- published: 11 May 2016
- views: 3017
Le vittime venivano imprigionate all'interno di alcune case per poi essere liberate dietro il pagamento di un riscatto. A versare il denaro, tramite la rete informale hawāla, erano le famiglie che venivano contattate telefonicamente dai componenti dell'organizzazione.
Operazione SOMALIA EXPRESS
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UN High Commissioner for Refugees Antόnio Guterres visited the Somali capital to support continued progress toward peace in a country torn apart by more than two decades of conflict. His visit was timed to coincide with the eve of Ramadan to express his solidarity with a population that, he said, "has suffered on a scale that is beyond measurement." Read about the High Commissioner's visit: http://rfg.ee/nGJcI Support Somali refugees: http://rfg.ee/nGJqi Read UNHCR's 2013 Somalia profile: http://rfg.ee/nGJgr -- UNHCR, the UN refugee agency, works to protect and assist those fleeing war and persecution. Since 1950, we have helped tens of millions of people find safety and rebuild their lives. With your support, we can restore hope for many more.Read more at http://UNHCR.org Support our...
A victory French naval forces in pirate-ridden Somali yesterday. Officials released nine pirates and destroyed their boat before handing them over to officials. For more news and videos visit ☛ http://english.ntdtv.com Follow us on Twitter ☛ http://twitter.com/NTDTelevision Add us on Facebook ☛ http://on.fb.me/s5KV2C Somali gunmen are holding a dozen ships for ransom at Eyl, a lawless former fishing outpost now used by gangs. The hijackings have become commonplace, especially in Puntland. However, pirates often treat hostages well in the hope of hefty ransoms. Most captured ships bring ransoms of more than 10,000 U.S. dollars and in a few cases much more. Somali regional officials say the hefty ransoms paid out by ship owners are fuelling corruption and an explosion of piracy offshore ...
Here in the Somali capital Mogadishu, preparations are underway to celebrate the Islamic of holiday of Eid al-Fitr. Locals are shopping ahead of the big day. From clothes to latest fashion wear, toys to household goods, traders have filled their stores with hope of making a good sale during this festive season. To many, the run up to the Eid and the festive day itself provides a chance to express love for friends and family members. For days now, families have been flocking to Hamar Weyne and Bakara markets in Mogadishu to shop for their loved ones. The holiday is special to Muslims and is always marked after the end of a month long fasting period known as Ramadan where Muslims abstain from food from dawn to dusk.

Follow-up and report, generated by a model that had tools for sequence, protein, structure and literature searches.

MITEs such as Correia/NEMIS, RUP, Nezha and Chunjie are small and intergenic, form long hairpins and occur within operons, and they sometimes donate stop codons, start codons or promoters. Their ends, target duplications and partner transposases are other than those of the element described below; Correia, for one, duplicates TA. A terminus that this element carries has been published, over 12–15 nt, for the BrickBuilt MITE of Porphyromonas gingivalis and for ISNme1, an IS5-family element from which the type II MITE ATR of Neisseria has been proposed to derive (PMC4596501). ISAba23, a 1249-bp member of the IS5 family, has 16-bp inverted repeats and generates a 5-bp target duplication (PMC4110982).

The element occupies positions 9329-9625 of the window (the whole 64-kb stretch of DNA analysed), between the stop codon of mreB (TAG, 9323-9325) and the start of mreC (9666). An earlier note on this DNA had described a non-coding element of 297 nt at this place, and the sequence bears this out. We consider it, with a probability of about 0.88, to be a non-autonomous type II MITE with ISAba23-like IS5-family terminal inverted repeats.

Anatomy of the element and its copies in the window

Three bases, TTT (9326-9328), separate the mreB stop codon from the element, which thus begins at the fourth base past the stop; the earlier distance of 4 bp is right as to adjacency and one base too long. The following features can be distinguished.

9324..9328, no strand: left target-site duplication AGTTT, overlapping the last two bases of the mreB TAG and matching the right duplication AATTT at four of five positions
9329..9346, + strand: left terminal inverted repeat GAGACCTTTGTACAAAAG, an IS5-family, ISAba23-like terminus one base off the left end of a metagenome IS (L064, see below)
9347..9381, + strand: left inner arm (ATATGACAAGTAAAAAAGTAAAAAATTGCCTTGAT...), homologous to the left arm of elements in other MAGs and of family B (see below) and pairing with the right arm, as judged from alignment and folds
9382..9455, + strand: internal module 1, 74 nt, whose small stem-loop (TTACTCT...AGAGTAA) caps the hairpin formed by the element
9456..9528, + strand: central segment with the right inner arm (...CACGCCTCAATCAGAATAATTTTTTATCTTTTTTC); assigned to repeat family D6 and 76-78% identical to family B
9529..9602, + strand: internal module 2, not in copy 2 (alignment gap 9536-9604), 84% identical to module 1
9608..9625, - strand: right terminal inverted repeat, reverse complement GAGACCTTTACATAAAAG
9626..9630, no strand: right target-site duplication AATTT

More than any other country, Somalia is a nation of poets. Their culture revolves around poetry, an art form that remains significant as Somali refugees relocate throughout the world. Poets in Minneapolis and Columbus express the best of this tradition. Produced with Ka Joog and the Somali Museum of Minnesota.
Window view from African Express Airways McDonnell Douglas DC-9-32 5Y-AXF during takeoff from Mogadishu (MGQ), Somalia. Operating flight XU528 to Wajir (WJR) and Nairobi (NBO), Kenya on 13th June 2014. This aircraft was originally delivered in 1968 to Iberia.
As international forces have intensified their crackdown on Somali pirates in recent years, many pirates are now spending their days on shore behind bars. The Garowe Prison in the Puntland State of northeast Somalia is the country’s largest pirate prison and now houses 242 prisoners. One prisoner, who calls himself Abaas in order to protect his real name, used to make a living by attacking ships in the Indian Ocean before his luck ran out. "There were 14 of us. We attacked a ship, but it was unsuccessful. Then we were arrested and taken to the Seychelles. I was given a ten-year jail sentence," said Abaas. He spent two years at the Seychelles before being shipped back to Garowe. "In Somalia, I feel much better, because I am in my own country. I have reformed and I am ready to be r...